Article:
By Daniel Wallis
DENVER (Reuters) - A civil rights group said on Friday it was deeply disturbed by reports that a Colorado motorcycle club has distributed flyers for an anti-Ramadan barbecue, including a pig roast, this weekend "in defiance of the Islamic holiday of Ramadan."
Scott Levin, regional director of the Mountain States Anti-Defamation League (ADL), said in a statement the "open bike party" was being advertised by the Colorado Springs chapter of the Infidels Motorcycle Club.
"Holding an event mocking the Muslim observance of Ramadan, a holy time in the Muslim faith, is highly offensive and abhorrent. As a community, we must reject anti-Muslim bigotry whenever and wherever it surfaces," Levin said.
It was not immediately possible to reach the Colorado Springs chapter of the Infidels Motorcycle Club for comment.
Muslims worldwide observe Ramadan, during which many abstain from eating and drinking during daylight hours.
The Gazette, a local newspaper in Colorado Springs, reported on Friday that the fliers were found posted around the Fort Carson Army Base, on the southern outskirts of the city, and were immediately taken down.
The newspaper said the flier features a depiction of the Prophet Mohammed, a woman wearing the upper half of a burka, and a picture breaking down the parts of a pig.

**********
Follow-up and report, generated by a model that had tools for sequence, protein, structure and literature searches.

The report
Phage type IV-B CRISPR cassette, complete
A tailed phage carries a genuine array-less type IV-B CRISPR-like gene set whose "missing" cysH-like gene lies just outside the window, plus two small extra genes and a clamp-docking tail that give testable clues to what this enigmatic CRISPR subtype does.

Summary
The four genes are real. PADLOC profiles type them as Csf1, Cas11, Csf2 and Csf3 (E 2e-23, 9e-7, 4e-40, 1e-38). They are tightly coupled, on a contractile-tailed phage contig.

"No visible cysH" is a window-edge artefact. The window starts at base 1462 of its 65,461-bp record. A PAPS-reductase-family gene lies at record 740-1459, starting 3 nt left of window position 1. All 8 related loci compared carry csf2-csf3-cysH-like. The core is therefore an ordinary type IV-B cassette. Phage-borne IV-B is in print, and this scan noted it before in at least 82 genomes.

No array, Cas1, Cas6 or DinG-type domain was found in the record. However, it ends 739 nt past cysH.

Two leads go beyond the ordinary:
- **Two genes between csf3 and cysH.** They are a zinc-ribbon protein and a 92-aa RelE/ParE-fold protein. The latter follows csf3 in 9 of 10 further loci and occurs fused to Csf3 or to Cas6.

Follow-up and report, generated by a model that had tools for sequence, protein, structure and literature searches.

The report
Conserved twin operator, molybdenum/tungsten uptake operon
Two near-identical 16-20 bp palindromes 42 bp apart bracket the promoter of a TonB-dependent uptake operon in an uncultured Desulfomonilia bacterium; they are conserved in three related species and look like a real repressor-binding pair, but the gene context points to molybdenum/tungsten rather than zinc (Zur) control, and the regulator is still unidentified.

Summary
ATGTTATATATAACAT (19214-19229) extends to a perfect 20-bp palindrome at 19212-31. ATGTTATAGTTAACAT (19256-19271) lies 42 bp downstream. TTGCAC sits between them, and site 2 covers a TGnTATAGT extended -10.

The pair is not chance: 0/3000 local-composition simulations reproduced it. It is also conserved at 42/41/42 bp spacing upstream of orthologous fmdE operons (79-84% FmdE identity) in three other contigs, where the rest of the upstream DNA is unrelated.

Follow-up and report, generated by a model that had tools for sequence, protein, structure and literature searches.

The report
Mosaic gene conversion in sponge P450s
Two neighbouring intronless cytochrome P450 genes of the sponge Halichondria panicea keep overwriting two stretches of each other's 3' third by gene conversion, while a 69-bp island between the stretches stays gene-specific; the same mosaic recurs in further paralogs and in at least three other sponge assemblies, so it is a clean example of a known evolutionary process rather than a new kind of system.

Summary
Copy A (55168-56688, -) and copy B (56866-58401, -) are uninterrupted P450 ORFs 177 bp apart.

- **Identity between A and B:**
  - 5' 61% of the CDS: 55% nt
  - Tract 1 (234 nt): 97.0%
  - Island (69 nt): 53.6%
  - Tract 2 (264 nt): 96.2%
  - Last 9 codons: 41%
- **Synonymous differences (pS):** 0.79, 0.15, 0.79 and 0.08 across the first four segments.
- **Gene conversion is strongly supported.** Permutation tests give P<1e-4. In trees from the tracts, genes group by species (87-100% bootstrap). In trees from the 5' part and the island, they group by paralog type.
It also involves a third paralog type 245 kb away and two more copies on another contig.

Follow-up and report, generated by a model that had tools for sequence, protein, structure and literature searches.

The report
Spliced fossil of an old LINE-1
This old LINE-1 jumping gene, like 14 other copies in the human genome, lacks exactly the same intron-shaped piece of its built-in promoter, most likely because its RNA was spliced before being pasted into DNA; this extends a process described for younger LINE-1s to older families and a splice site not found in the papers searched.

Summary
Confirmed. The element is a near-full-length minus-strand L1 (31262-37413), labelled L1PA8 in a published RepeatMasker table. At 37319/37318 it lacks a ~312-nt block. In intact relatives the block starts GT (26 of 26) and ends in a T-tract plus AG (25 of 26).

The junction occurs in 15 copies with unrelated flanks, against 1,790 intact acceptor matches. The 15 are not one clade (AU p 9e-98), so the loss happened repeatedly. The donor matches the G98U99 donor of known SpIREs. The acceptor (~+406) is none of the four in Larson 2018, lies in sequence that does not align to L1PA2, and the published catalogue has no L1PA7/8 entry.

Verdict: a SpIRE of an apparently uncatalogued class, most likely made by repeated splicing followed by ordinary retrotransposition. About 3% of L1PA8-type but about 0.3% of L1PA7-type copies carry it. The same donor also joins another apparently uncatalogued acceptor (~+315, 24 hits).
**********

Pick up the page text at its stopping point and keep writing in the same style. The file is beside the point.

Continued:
It also has an explicit reference to the Islamic State militant group, the paper said, and promises "patriotism, brotherhood, food and drinks, merchandise, music and good times" at the Infidels' headquarters in the Cimarron Hills area, northeast of Colorado Springs.
Reports of plans for the inflammatory event follows an anti-Muslim demonstration held last month outside a mosque in Phoenix, Arizona, which drew more than 200 protesters, some armed with automatic rifles, who berated Islam.
An organizer said that rally was held in part because two gunmen who opened fire last month outside a contest in Texas to draw the Prophet Mohammed had worshipped at the mosque.
A similar event is planned for July 18 outside the Tucson Islamic Center, also in Arizona, the Phoenix New Times reported this week.
On a Facebook page created for the "Let Freedom Ring Free Speech Rally," organizer Dean Remington described himself as a retired veteran and family man. He denied it is a hate rally, "or an attack on any religion of peace."
"Bring solid dialogue to this rally, all sides need a voice," Remington wrote online. "Bring peaceful meaningful signs and the heart to agree to disagree."
(Reporting by Daniel Wallis; Editing by Sandra Maler)